When I am using Glasswire I run into a ~22mbps download and upload cap on both a Google or Bing speedtest. My test results increases to their normal speed if I run it through Ookla or if I quit Glasswire. In what way could Glasswire be causing this issue? I’ve seen that Ookla runs their speedtest in Java (as opposed to HTML) if that helps.
I’ve run GlassWire for five years and I haven’t noticed any impact on speedtests. However, I wouldn’t be using some of the speed tests you mention because they are not as accurate as other tests.
While GlassWire could be limiting the results, you’ll see that it is not limited to 22 Mbps on my system. So the problem you are having could be related to your test system e.g. perhaps you are hitting a performance limit on your computer.
Desktop apps like Ookla are usually more reliable than web browser speed tests which are more susceptible to performance issues such as the ones you are getting.
To illustrate some of the issues, I ran three web browser speedtests and used GlassWire to show which IP address they connected to. Below is a screenshot of the three servers the speed tests connected to. I just included the fourth item to show that there were no other entries in the list with more than 1MB of data:
I got three very different results for my ~700/100 Mbps cable connection. In order of reliability:
- Google: 503 Mbps NZ to NZ - this is the most reliable result because it tests my Internet connection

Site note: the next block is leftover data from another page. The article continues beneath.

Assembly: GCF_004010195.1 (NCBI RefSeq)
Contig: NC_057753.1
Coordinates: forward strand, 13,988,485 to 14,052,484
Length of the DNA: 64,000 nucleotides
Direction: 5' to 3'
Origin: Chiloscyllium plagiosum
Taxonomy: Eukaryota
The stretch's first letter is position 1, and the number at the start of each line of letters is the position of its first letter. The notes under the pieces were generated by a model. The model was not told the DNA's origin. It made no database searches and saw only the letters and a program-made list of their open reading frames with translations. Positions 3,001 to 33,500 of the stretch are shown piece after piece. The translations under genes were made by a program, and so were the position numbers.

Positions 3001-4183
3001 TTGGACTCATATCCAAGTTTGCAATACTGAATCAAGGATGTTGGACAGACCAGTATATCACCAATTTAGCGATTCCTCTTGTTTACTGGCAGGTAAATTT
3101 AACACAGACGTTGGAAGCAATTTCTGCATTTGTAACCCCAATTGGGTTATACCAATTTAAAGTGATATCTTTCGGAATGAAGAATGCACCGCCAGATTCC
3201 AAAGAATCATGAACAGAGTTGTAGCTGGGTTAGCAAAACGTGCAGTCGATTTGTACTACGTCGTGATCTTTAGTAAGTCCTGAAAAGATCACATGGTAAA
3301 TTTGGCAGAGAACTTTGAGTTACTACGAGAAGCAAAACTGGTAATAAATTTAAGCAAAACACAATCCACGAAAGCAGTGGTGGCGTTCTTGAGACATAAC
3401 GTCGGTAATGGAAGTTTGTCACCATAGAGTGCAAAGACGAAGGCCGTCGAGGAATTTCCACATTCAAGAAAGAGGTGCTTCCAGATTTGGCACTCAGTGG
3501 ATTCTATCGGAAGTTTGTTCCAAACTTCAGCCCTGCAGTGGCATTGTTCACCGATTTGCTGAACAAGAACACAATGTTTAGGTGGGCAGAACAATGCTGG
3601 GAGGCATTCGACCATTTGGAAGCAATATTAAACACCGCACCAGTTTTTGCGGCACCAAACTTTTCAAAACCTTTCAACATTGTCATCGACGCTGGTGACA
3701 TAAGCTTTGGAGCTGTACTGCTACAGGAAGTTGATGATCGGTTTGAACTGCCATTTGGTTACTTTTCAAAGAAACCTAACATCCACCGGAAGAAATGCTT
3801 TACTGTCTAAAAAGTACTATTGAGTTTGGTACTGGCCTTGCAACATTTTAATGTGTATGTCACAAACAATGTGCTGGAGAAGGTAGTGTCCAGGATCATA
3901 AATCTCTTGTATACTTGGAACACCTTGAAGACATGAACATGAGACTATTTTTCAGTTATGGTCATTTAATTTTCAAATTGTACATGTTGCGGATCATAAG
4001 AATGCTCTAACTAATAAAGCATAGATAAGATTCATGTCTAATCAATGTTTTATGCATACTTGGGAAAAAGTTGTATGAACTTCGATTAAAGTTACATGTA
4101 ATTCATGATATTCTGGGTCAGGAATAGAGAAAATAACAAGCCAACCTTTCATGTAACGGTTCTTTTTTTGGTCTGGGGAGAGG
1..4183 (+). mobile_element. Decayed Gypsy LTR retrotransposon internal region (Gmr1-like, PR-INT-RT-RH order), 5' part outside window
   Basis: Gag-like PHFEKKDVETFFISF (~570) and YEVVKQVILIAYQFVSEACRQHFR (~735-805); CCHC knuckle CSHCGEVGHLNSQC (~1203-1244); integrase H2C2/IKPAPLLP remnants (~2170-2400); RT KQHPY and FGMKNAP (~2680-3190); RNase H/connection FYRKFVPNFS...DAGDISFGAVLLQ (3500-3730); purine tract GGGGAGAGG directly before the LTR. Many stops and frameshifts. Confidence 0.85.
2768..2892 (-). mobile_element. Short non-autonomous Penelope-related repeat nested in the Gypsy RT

- Google Fiber: 333 Mbps NZ to USA - this is testing an international link so that is really good speed but is not a good test of my Internet connection
- Bing: 64Mbps NZ to USA - this is the least reliable result because it is clearly limited by something else when compared with the other results.
Click on the arrow to the left to see screenshots and other info for the above results.
Google 503Mbps NZ to NZ
https://projectstream.google.com/speedtest to ndt-iupui-mlab1-wlg02.mlab-oti.measurement-lab.org 2404:138:4009:1::75 New Zealand
How to run an internet speed test to get the most accurate result
There are many ways to improve your Internet speed tests. Here’s some steps to ensure accuracy. Note that this is not a complete or detailed list.
- Use an ethernet cable to plug your computer into your modem so you get more consistent and maximal results.
- Restart your computer
- Close memory-hungry applications like image-editors, movie/video/music streaming apps that can slow down the speedtest app/
- For speed test in web browswers, close all other tabs and restart your browser so the speed test tab isn’t competing for resources.
- Make sure that no other computers or devices (e.g. TVs) are online and using internet bandwidth while you are testing. You can disconnect all other devices and turn off WiFi on your modem/router. Just remember to reconnect everything after the speed test.
- Use a speed test server close to your location. Preferably a server on your ISP’s network in the same city/region.
- Run the test several times and at different times of the day to get a fuller picture of your broadband performance. Don’t be concerned by small differences between results.
- Try different speed test providers and servers as results will vary depending on how each service runs its test and calculates your results. Here’s some of the many
- Also try desktop apps particularly if your connection is very fast e.g. 1000Mbps fibre.
- Ookla in Microsoft and Apple stores is the best known